Tension between policymakers and technologists

Last updated on July 11th, 2021 at 08:57 am

Surface tension holds raindrops together on a grapevine
Surface tension holds raindrops together on a grapevine. We often think of tension as a negative, destructive force. But tension—in the case of raindrops, surface tension—is what holds a raindrop together. Tension gives the raindrop structure and integrity. The tension between technologists and policymakers can also be constructive. It can ensure that the enterprise manages technical debt in ways that balance the political imperatives of technology and strategic health.

Tension between policymakers and technologists, which can manifest as misalignment of their respective priorities, is a significant contributor to uncontrolled growth of technical debt. In this thread, I explore sources of this tension. That exploration introduces concepts that can assist policymakers and technologists in their efforts to control technical debt growth.

Technical debt is not just a technical problem

The objective of technical debt management policy is effective, sustainable control of technical debt. In an enterprise that has achieved this objective, technical debt serves as a strategic tool. That tool assists in attaining and maintaining market leadership. In such an organization, technical debt does exist, and some legacy technical debt might remain in place. But the enterprise manages technical debt growth strategically, if growth occurs at all. The enterprise addresses any technical debt that carries significant MICs. And it pays special attention to technical debt that compromises productivity and enterprise agility. In short, the enterprise addresses technical debt not only as a technological issue, but also as a component of business strategy.

This stance is at odds with the historical position most enterprises have adopted vis-à-vis technical debt. In the historic view, technical debt is a technical problem, if it is recognized at all. Most enterprises relegate technical debt management to the technologists. Frequently, then, technologists view as interlopers any policymakers who enter the discussion about technical debt. Any such policymakers usually arrive late to the discussion. Technologists often view them as less-than-knowledgeable invaders attempting to seize control of a piece of the technologists’ domain. In this way tensions can arise between policymakers and technologists. Such tensions complicate the problem of managing technical debt.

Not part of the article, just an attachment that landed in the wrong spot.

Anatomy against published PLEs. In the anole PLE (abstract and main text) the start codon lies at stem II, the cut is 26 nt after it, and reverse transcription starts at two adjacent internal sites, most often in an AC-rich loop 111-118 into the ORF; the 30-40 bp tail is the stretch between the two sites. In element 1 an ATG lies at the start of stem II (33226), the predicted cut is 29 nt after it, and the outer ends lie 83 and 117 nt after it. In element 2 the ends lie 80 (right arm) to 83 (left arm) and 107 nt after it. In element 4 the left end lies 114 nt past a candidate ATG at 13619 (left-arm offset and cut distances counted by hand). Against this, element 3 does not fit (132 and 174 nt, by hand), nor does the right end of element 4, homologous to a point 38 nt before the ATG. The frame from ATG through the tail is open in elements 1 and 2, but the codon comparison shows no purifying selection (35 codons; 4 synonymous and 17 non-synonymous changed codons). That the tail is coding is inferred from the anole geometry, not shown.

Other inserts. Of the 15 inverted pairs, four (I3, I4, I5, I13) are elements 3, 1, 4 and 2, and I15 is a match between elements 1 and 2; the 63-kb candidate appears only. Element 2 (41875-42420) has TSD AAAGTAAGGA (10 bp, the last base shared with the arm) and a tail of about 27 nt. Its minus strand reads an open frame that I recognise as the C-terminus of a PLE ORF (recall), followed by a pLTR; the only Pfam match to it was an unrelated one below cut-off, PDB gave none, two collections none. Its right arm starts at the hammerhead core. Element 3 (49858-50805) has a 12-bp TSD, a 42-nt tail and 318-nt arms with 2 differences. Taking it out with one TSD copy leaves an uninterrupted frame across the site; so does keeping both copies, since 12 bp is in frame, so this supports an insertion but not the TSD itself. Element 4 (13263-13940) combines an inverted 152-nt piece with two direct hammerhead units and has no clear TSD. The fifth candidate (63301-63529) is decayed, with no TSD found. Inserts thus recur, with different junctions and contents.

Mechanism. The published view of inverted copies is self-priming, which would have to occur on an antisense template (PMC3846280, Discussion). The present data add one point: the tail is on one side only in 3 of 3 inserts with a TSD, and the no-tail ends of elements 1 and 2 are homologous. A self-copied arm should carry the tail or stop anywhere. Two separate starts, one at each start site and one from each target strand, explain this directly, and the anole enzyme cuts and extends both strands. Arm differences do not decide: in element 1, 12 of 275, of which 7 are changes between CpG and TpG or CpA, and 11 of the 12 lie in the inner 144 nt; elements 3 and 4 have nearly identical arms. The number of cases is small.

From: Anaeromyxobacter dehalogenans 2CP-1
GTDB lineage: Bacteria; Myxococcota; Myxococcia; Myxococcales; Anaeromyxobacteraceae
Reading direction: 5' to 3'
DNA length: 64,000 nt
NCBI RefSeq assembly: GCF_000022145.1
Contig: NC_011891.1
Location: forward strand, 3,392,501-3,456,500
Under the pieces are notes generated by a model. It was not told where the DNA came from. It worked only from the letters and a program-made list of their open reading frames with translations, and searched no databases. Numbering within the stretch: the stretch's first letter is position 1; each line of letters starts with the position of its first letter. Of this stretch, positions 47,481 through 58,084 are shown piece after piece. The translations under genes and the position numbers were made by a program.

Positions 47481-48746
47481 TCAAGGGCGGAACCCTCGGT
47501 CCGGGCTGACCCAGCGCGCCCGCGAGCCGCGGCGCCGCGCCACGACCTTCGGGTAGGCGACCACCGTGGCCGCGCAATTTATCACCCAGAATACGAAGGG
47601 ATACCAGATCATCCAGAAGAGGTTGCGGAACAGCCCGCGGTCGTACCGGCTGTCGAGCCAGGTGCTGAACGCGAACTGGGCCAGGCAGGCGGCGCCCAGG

Sources of tension

One possible source of this tension is apparent in a study of the literature of technical debt, which is evolving so rapidly that it has itself become a focus for research. Li et al. [Li 2015] have produced a review of the software engineering technical debt literature. From this review we can extract insights useful to policymakers. They studied only the literature relating to technical debt in software engineering. But their conclusions are, at least in part, applicable to any field in which the components of the finished product are executed within software tools before being committed to operational form. This covers a wide array of knowledge-intensive endeavors, including mechanical system design, electronic design, framing of legislation, process design, architecture, and even book authorship.

Last words

In this thread, I explore the sources of the tension between the modern reality of technical debt as an enterprise issue, and the historical situation of technical debt as a technological issue. This can serve as a guide for policymakers in reframing technical debt. The archaic view of technical debt is as a technological issue dependent for resolution on enterprise resources. The modern view is as an enterprise issue dependent for resolution on technological resources.

Other posts in this thread

References

[Li 2015] Zengyang Li, Paris Avgeriou, and Peng Liang. “A systematic mapping study on technical debt and its management,” Journal of Systems and Software 101, 193-220, 2015.

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